The Free Fall


The free fall has always enticed me — the idea of completely letting go and the rush of adrenaline that forces every cell inside of you awake. My limbs buzz with anticipation, but as I get up to the edge, my feet become frozen in place. I am stuck, like I had walked into fixed cement, too afraid to make the jump I have been waiting for years to make. Panic fills me as I think about what is at stake and how much I could possibly lose. 


And so I lock my feet in position and refuse to make any move at all. I sit down and cross my arms like a stubborn child. I try to pretend it isn't fear because I hate feeling weak, but the fear consumes me. It eats up every part of me. It surges through my veins achingly slow and fast all at once. 


It's funny what fear does to a person — how it convinces you of things you've known your whole life are untrue. Fear makes you believe that you are weak. It makes you believe you are not enough. 


And so I sit, stewing in my fear with tears streaming down my face. They blind my vision, making me see things that aren't really there. I cling to anything I can — any little piece of stronghold that is offered in my direction no matter how pitiful. I reach out many times and return with nothing but air, my fingers desperately trying to find the places that were always there for me to hold on to before.


I dig my heels in, trying to slow the inevitable pull towards the open door while hands pull me back away from it. I'm unsure which way to go. Should I stay or should I jump? The hesitation worries me, but the fear is still in control. I can feel myself slipping and sliding forward. My heartbeat speeds up in anticipation — and still I cry out that I need help, believing that I need someone else to pull me back and keep me there. 


My panic mind believes I need solid ground. For the first time in as long as I can remember, the free fall terrifies me instead of excites me. The freedom that always called to me before now feels childish and unimportant. The familiar suffocation of panic sets in deeper.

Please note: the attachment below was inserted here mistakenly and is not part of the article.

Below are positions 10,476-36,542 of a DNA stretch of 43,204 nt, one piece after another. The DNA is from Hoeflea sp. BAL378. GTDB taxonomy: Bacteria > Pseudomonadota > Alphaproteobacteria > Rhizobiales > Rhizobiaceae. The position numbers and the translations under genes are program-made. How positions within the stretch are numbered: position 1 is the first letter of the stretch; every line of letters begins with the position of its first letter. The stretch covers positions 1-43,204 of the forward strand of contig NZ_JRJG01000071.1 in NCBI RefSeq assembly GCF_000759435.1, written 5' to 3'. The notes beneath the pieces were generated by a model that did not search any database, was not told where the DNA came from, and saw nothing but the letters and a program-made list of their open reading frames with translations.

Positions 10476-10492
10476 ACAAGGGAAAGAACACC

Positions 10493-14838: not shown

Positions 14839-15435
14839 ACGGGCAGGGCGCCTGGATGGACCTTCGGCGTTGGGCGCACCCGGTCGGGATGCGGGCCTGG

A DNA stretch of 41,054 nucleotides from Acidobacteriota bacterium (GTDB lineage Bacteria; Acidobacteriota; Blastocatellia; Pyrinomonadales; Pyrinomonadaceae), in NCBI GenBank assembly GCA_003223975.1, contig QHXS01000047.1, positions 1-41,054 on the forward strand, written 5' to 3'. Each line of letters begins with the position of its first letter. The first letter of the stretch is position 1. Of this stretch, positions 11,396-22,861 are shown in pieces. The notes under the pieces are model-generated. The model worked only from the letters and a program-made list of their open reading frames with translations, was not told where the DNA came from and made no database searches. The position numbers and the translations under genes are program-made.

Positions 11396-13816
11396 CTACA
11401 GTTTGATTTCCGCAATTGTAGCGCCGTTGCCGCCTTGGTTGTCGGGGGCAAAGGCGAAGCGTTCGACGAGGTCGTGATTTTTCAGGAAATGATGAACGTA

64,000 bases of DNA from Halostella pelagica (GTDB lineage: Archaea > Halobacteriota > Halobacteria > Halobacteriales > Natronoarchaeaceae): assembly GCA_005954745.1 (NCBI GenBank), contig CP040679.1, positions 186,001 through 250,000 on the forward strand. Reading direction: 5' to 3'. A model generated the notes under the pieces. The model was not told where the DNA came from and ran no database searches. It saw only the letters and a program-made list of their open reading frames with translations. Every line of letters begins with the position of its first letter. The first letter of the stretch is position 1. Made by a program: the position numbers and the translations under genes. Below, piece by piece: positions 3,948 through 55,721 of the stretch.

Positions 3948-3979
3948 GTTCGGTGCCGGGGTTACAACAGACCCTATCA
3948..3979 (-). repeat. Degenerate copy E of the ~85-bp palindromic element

Desperate attempts for the final foothold leave me feeling embarrassed and not like myself. The air around me closes in — wet, heavy and choking. I close my eyes like a coward, afraid to see what I know is coming — what is already here. I pray. And I pray. And I pray.


And when I make the decision to stay, finally feeling like I found a good place to hold on to, the hands that have been pulling me in give me a final, jolting push toward the open door. In the moment, it feels like a betrayal, but it is what I have been asking for all along. I needed a final push because I don't know if I would have made the leap on my own.


Maybe the fear of leaving a place of comfort and safety has a stronger power over me than I am willing to admit. But I finally let go. I stop grasping at everything and let it all slide through my open fingers. 


I tumble into the free fall headfirst.


It immediately feels like a tailspin and I'm not sure I'll survive the fall. After a few moments, I am able to feel the warmth of the sun on my face and I instinctively open my eyes. 


When I do, I can no longer see that place of comfort and safety — it is far behind me now — but I realize that the floor beneath my feet isn't as necessary as I believed it to be. 


I don't know what awaits me at the end of this. I don't know if there's a bottom. I don't know if there's a soft surface waiting to catch me or if the hard ground is rushing up to meet me faster than I can anticipate, but right now I'm soaring and it's damn sure a beautiful ride.



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